In the months of February, March, and April of 2014, I did an academic research project for my Masters degree at Denver Seminary that surveyed more than 800 youth workers in full-time, part-time, and volunteer roles at their churches regarding how they used social media personally and in ministry. Sifting through the data, I found that 73.1%% of youth workers believe that teenagers are on social media away too much, yet more than 45% of you are on social media at least 13 hours a week and over 72% of that is for personal use.

Pew Research current statistics on social media use for teenagers and adults plays out like this:

Age Range % on Social Media Frequency of Use
Teenagers1 81% 29% everyday, 20% twice a week
Adults2 67% At least 63% everyday, 22% weekly
[1] numbers based on February 25, 2014 report titled Teens and Technology ([2] numbers based on September 16, 2013 report titled August Tracking Survey (


My findings for youth workers was even more dramatic:

Age Range Frequency of Use
Under 25 59.2%
25-35 40.9%
35-45 51
Over 45 47.3%

What Does This Mean For You?

youthmin failSo what this tells me is that youth workers are upset about teenage usage of social media, but they themselves are using it as much more frequently than teenagers and only a very small percentage is for actual ministry. The disconnect comes in the fact that we need to be better examples for the next generation.

  1. If we as youth workers feel that social media usage for teenagers should be minimized, we need to be a good example and use it less personally.
  2. Otherwise you may need to change your attitude towards how youth use social media to communicate.

These two statements above might not be easy to come to terms with, but I have a couple of ideas to help you stop failing at social media and be more effective with your time.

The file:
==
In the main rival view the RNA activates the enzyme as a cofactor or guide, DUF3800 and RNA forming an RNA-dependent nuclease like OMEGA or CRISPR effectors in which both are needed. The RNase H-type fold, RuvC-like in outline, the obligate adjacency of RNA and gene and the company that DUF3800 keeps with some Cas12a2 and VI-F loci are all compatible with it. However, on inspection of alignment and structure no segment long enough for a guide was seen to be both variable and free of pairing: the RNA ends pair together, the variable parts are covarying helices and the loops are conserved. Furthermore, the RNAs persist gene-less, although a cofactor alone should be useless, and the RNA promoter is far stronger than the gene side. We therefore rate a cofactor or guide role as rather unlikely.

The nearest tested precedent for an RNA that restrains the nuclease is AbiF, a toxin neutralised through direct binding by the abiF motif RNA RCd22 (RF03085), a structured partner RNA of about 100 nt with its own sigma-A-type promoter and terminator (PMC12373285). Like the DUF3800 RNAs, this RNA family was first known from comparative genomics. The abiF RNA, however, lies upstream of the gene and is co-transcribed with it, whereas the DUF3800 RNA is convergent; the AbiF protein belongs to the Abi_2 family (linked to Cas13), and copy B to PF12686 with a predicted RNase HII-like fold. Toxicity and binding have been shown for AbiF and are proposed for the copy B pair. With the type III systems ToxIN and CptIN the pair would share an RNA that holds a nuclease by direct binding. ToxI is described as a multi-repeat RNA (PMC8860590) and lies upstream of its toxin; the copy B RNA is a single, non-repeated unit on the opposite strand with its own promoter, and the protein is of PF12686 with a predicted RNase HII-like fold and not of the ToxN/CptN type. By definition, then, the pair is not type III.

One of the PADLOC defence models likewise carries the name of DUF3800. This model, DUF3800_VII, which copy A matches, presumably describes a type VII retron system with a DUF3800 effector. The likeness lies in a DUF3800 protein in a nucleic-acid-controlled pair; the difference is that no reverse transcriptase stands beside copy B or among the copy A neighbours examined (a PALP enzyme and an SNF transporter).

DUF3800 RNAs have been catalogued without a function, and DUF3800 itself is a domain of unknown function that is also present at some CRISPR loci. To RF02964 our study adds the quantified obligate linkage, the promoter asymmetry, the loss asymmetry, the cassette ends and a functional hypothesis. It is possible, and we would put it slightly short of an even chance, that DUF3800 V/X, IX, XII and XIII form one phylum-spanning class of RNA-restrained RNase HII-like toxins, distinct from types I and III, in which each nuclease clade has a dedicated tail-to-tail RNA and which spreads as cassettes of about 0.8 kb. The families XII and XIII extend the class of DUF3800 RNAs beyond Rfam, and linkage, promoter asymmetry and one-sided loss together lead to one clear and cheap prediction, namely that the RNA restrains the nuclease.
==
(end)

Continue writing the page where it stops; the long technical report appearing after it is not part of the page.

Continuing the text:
Tips for Better Social Media Usage

Every person’s use-case for social media is different, so take these as foundational only. Also note that this is not a how-to for using social media, but instead practical tips I have learned as I worked with youth ministries across the nation to improve how they do social media.

1) Better Compartmentalize Your Usage

I advocate 100% of the time for youth workers that find social media to be necessary for ministry to have it put into their job description. At this point, it is now a responsibility that can be effectively established as working time. From here, you and your ministry need to establish what is needed to have a successful social media campaign. Identifying posting once a day or twice a week to your ministry’s Facebook page, sharing pictures when able, marketing all events with ads and/or event pages, creating banners for the page, and engaging in groups for volunteers, small groups, or with individual teenagers can all be put as time. Further, a time limit of number of hours dedicated to this task should be given from the senior pastor.

2) Establish Boundaries on Usage

One barrier to social media usage success is the fact that it is too difficult to understand what is and is not personal use. I find too many times that youth workers go on to create a Facebook event to promote the next youth group, maybe check in with messages on the youth ministry’s Facebook page, or post pictures from the last activities and find themselves hours later having not completed the task and surfing the social network for fun. Logging in not with your personal account, but instead switching to your ministry account can help you avoid catchy newsfeeds with baby pictures or lifelong friends. Even better, dedicate only 30 minutes each morning to social media and avoid using it any other time.

3) Do Not Go Mobile

One of the biggest distractions are the notifications that come in from social media posts onto our smartphones. If this is something that happens to you often, my recommendation is to use the “Do Not Disturb” feature on iPhones or notification settings for Android that helps you silence all notifications during work time. You can do this for individual applications that allow you to silence Facebook but still get text messages or phone calls as appropriate.

4) Use Accountability

I hope and pray that you have accountability within your church. Ask this person to include social media usage and even give them access to your internet history if necessary to see what time is being consumed on social media.

As with all things, social media is a great tool for communicating with a whole generation that is living digitally, but if overused, it can actually hurt progress in ministry and connections with teenagers. We need to move out of a life of time wasted and towards effective social media use.